Italian Canadians in Greater Montreal
Montreal has an Italian Canadian community. As of 2007, 17.6% of the ethnic Italians in Canada live in Montreal.
Montreal's Italian community is one of the largest in Canada, second only to Toronto. With 279,795 residents of Italian ancestry as of the 2016 census in Greater Montreal, Montreal has many Italian districts, such as La Petite-Italie, Saint-Leonard (Città Italiana), R.D.P., and LaSalle. Italian is the 3rd most spoken language in Montreal and in the province of Quebec. There is such a large number of Italian Canadians in Montreal that when Italy won the 2006 FIFA World Cup, the number of Italian Montrealers taking to the streets to celebrate en masse resulted in the closure of many major streets, such as Saint Laurent Boulevard.
In 1893 there were about 1,400 ethnic Italians in Montreal. According to a 1906 edition of The Labour Gazette, Canada Department of Labour, Italian employment agencies that worked with Canadian steamship and railway companies attracted many Italian labourers to Montreal. Additional growth in the Italian population took place in the 20th century.
The Order of the Sons of Italy in Montreal dedicated a statue of John Cabot (Giovanni Caboto) in 1935. The order suggested that Cabot, and not Jacques Cartier, was in fact the first European to reach Canada.
In 1931, there were more Italians than people of British origins in St. Jean Ward. During that year, in 19 of Montreal's 35 wards, the Italians were the largest non-French and non-British ethnic group. This was also the case in five other cities and towns in Greater Montreal.
The political unit of the Italian community split after Benito Mussolini became the leader of Italy in the 1920s. During World War II the Canadian government opposed pro-Mussolini elements in the Montreal Italian community.
The first Catholic church for the Italians became Mount Carmel Parish in 1905. It was established by an Italian-speaking man, Canon Bruchési. In 1911 the second Italian parish opened.
- Harney, Nicholas DeMaria. "Ethnicity, Social Organization, and Urban Space: A Comparison of Italians in Toronto and Montreal" (Chapter 6). In: Sloan, Joanne (editor). Urban Enigmas: Montreal, Toronto, and the Problem of Comparing Cities (Volume 2 of Culture of Cities). McGill-Queen's Press (MQUP), January 1, 2007. ISBN 0773577076, 9780773577077. Start p. 178.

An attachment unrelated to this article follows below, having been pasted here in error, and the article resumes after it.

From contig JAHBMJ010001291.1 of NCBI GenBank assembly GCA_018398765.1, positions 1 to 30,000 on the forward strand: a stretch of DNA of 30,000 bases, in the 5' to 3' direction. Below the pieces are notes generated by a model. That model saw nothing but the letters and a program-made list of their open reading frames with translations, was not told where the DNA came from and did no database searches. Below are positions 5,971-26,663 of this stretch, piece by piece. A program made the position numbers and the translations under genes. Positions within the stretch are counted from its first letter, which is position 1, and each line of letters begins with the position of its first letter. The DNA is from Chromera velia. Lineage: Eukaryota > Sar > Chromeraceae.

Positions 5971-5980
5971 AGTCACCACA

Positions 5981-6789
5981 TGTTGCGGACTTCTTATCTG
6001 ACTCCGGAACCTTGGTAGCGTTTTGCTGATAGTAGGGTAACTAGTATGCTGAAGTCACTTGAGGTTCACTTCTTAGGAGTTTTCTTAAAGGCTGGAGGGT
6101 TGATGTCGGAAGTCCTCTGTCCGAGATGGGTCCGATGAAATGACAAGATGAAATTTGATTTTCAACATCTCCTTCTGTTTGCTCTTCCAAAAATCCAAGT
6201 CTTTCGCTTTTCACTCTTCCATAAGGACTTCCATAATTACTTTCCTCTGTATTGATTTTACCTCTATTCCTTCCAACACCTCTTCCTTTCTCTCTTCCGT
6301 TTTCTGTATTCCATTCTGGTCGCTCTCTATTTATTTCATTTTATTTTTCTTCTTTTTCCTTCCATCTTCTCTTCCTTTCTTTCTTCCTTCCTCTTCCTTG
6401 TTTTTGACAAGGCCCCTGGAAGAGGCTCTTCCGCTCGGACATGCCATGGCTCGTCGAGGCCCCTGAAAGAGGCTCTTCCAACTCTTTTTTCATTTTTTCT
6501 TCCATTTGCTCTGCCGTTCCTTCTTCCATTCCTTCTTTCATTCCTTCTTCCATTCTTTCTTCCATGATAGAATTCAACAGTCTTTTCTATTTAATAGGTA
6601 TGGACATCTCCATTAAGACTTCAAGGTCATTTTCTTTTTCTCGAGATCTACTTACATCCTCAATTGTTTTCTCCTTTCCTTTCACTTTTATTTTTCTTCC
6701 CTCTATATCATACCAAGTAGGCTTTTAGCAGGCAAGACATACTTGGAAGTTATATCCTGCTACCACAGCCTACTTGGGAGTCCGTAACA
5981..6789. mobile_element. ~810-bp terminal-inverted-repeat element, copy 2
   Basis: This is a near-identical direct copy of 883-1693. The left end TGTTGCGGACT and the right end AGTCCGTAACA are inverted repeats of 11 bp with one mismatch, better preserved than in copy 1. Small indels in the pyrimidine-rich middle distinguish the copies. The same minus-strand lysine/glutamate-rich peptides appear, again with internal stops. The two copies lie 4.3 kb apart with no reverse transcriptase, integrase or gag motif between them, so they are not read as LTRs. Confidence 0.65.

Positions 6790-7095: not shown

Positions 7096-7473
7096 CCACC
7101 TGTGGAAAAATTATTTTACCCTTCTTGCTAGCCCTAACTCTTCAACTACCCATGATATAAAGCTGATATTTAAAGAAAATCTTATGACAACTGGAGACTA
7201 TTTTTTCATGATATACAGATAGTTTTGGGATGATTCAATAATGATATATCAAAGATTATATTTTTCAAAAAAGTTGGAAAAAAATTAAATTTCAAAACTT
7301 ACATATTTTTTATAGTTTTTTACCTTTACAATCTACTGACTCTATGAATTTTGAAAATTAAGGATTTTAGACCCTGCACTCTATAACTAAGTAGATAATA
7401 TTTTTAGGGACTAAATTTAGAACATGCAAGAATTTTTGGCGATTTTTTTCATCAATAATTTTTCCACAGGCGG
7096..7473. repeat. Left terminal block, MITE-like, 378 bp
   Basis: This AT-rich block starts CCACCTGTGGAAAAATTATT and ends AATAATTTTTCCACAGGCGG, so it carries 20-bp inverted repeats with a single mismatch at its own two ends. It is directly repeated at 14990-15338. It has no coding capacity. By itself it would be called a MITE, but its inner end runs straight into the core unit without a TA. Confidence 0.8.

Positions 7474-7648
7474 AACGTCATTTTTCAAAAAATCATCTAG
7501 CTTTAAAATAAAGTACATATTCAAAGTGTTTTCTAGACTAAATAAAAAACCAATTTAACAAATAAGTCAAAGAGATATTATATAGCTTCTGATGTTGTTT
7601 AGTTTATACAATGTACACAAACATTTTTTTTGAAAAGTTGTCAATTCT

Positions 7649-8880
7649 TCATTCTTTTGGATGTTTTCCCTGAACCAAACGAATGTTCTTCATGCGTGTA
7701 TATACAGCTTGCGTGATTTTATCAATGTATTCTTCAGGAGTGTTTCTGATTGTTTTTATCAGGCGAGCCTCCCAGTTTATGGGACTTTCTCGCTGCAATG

- ^ Harney, p. 179.
- ^ "Immigration and Ethnocultural Diversity Highlight Tables". Statistics Canada.
- ^ a b c d Linteau, Paul-André, René Durocher, and Jean-Claude Robert (translator into English: Robert Chodos). Quebec: A History 1867-1929 (Volume 1 of Quebec, a History, Paul André Linteau). James Lorimer Company, 1983. ISBN 0888626045, 9780888626042. p. 47.
- ^ The Labour Gazette, Volume 6. Canada Department of Labour, 1906. p. 1348.
- ^ Harney, p. 192.
- ^ Rosenberg, Louis and Morton Weinfeld. Canada's Jews: A Social and Economic Study of Jews in Canada in the 1930s (Volume 16 of McGill-Queen's Studies in Ethnic History). McGill-Queen's Press (MQUP), Oct 12, 1993. ISBN 0773563946, 9780773563940. p. 33.
- Salvatore, Filippo. Fascism and the Italians of Montreal: An Oral History, 1922-1945 (Volume 35 of Essay series). Guernica Editions, 1998. ISBN 1550710583, 9781550710588 (See preview at Google Books)
- Boissevain, Jeremy. The Italians of Montreal: Social Adjustment in a Plural Society (Volume 7 of Studies of the Royal Commission on Bilingualism and Biculturalism). Information Canada, 1974. See profile at Google Books
- De Martinis, Lucio. Italian Identity in Montreal: Issues of Intergenerational Ethnic Retention (Canadian theses). McGill University (Canada), 2005. See profile at Google Books
- Ramirez, Bruno and Michael Del Balso. The Italians of Montreal: From Sojourning to Settlement, 1900-1921. Associazione di Cultura Popolare Italo-Quebecchese : mail order, Les Éditions du Courant, 1980. - See profile at Google Books
- Ramirez, Bruno. "Workers without a Cause: Italian Immigrant Labour in Montreal: 1880-1930." In: Arrangiarsi: The Italian Immigration Experience in Canada. Eds. Roberto Perin and Franc Sturino. Montreal: Guernica, 1989.
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